The Great Lakes are not “an Arm of the Sea”

Published on June 11th, 2014

For the Governing Rules of the America’s Cup, nothing supersedes the Deed of Gift. In determining if a club is eligible to compete, the Deed states that ” Any organized yacht Club … having for its annual regatta an ocean water course on the sea, or on an arm of the sea, or one which combines both, shall always be entitled to the right of sailing a match for this Cup…”

It is pretty clear what defines an ocean, but an “arm of the sea” is less so. When Chicago Yacht Club competed in the 1987 America’s Cup, with beloved Buddy Melges leading the Heart of America Challenge, it was considered confirmed that Lake Michigan of the Great Lakes was an “arm of the sea”.

Not so, says Scuttlebutt legal analyst Cory E. Friedman, who provides this report…

The “arm of the sea” provision was included in George Schuyler’s amendment to the Deed after the 1881 Cup Match, and was expressly to prohibit a two time Canadian Great Lakes challenger from challenging again.

There is a longstanding difference between navigable water (which the Great Lakes are) and an arm of the sea. An arm of the sea must be subject to ocean tides (as the Hudson River, a sunken river, is up to the Federal Dam at Troy, NY – near Albany). Although the Great Lakes and Lake Champlain are connected to the sea by the St. Lawrence Seaway, the Richelieu locks, and the NYS Barge Canal, formerly the Erie Canal used by the Canadian Challenger, they are not subject to ocean tides and are not arms of the sea. The Great Lakes have their own tides, but not ocean tides. George Schuyler knew all of that and used the term “arm of the sea” deliberately.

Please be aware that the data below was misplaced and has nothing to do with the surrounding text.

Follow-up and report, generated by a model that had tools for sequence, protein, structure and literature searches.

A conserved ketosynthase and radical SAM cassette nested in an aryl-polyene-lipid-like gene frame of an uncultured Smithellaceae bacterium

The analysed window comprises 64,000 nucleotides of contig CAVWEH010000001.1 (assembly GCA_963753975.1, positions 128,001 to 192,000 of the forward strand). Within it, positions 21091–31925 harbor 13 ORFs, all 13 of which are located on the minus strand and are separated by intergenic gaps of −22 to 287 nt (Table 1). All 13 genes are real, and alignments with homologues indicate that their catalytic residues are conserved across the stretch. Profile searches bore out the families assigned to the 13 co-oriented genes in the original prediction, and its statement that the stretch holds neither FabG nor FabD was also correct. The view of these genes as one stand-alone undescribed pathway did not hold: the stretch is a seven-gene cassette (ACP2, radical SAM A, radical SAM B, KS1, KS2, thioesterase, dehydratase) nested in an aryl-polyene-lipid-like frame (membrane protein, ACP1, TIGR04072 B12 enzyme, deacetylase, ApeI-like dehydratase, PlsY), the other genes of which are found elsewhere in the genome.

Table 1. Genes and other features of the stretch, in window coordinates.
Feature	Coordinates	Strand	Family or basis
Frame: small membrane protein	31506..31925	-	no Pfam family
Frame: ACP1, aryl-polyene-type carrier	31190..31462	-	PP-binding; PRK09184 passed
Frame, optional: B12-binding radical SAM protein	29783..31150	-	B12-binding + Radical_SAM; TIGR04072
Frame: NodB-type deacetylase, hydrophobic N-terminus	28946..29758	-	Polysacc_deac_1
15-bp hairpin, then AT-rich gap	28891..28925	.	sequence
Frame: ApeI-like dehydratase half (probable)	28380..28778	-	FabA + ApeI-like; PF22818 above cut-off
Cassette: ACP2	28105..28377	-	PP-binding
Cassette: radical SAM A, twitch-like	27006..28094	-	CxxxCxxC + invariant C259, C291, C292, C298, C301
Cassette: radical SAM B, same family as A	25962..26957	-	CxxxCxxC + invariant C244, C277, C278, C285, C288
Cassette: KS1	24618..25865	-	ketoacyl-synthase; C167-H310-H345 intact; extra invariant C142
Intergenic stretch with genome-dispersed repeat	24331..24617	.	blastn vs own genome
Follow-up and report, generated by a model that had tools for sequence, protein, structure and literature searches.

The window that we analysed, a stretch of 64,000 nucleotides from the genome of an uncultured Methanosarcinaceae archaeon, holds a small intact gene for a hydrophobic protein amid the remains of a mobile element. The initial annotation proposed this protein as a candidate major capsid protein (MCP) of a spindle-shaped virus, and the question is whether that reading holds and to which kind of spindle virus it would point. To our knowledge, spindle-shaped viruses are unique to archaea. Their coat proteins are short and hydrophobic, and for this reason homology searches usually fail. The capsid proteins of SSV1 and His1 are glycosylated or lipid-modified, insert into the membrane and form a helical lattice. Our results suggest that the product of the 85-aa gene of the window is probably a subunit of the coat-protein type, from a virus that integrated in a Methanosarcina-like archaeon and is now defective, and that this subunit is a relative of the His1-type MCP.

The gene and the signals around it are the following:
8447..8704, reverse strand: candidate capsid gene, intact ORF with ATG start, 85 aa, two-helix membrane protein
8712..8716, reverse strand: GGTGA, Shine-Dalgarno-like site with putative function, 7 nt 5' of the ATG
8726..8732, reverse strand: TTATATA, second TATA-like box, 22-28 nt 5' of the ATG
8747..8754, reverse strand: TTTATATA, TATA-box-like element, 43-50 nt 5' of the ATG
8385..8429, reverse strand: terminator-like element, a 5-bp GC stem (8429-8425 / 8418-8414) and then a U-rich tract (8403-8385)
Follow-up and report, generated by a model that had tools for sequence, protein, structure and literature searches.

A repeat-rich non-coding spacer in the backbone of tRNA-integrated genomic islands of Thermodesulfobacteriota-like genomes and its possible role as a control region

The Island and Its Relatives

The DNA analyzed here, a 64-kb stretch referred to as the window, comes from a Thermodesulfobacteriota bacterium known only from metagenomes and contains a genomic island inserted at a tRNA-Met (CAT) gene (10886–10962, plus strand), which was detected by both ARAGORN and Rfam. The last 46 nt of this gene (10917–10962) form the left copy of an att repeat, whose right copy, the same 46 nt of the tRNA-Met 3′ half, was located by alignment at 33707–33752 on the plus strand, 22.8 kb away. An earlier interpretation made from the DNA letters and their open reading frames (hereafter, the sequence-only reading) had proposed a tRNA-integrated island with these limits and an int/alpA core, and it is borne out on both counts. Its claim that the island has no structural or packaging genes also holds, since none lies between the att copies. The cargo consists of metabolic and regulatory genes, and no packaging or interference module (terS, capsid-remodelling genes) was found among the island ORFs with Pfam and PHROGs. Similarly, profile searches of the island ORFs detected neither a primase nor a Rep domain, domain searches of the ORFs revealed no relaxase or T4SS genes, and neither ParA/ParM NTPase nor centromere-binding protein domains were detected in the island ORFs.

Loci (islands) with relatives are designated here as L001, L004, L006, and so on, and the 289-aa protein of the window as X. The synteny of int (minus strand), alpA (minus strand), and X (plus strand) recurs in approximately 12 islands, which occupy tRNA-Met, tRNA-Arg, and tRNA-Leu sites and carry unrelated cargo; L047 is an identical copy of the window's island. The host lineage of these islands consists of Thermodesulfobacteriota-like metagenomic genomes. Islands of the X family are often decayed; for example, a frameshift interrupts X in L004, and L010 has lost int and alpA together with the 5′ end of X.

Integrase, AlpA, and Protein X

The Great Lakes are indisputably not ocean. Whether they are subject to maritime law and legislation passed after Schuyler’s day is irrelevant. They obviously are not ocean.

The order of the NY Supreme Court providing that the Great Lakes are an arm of the sea, which allowed Buddy Melges to compete, is obviously contrary to the Deed, wrong and of no precedential value as it was not contested. A bunch of yachties just waltzed in and got the court to sign an uncontested order with no evidence or adversary hearing. It would never hold up if contested. George Schuyler didn’t want the Great Lakes in the Cup and nothing can change that. His words and the intent derived from them rules the Deed.

As for the America’s Cup venue, Defender Oracle Team USA (OTUSA) and Golden Gate Yacht Club (GGYC) have expressly reserved the sole right to choose the venue. The Challenger of Record, Hamilton Island Yacht Club, and the rest of the challengers having no say, so there is no consent. However, if OTUSA and GGYC relented and asked for consent to a non-ocean course, as the Deed requires the course to be “on ocean courses, free from headlands”, the challengers would be fools to fail to get something in return.

Editor’s note: Chicago remains a candidate to host the 35th America’s Cup. As this venue is not an ocean course, and would require the mutual consent of the Defender and Challenger of Record, it will be of interest to learn, as Cory suggests, what the challengers will get in return.

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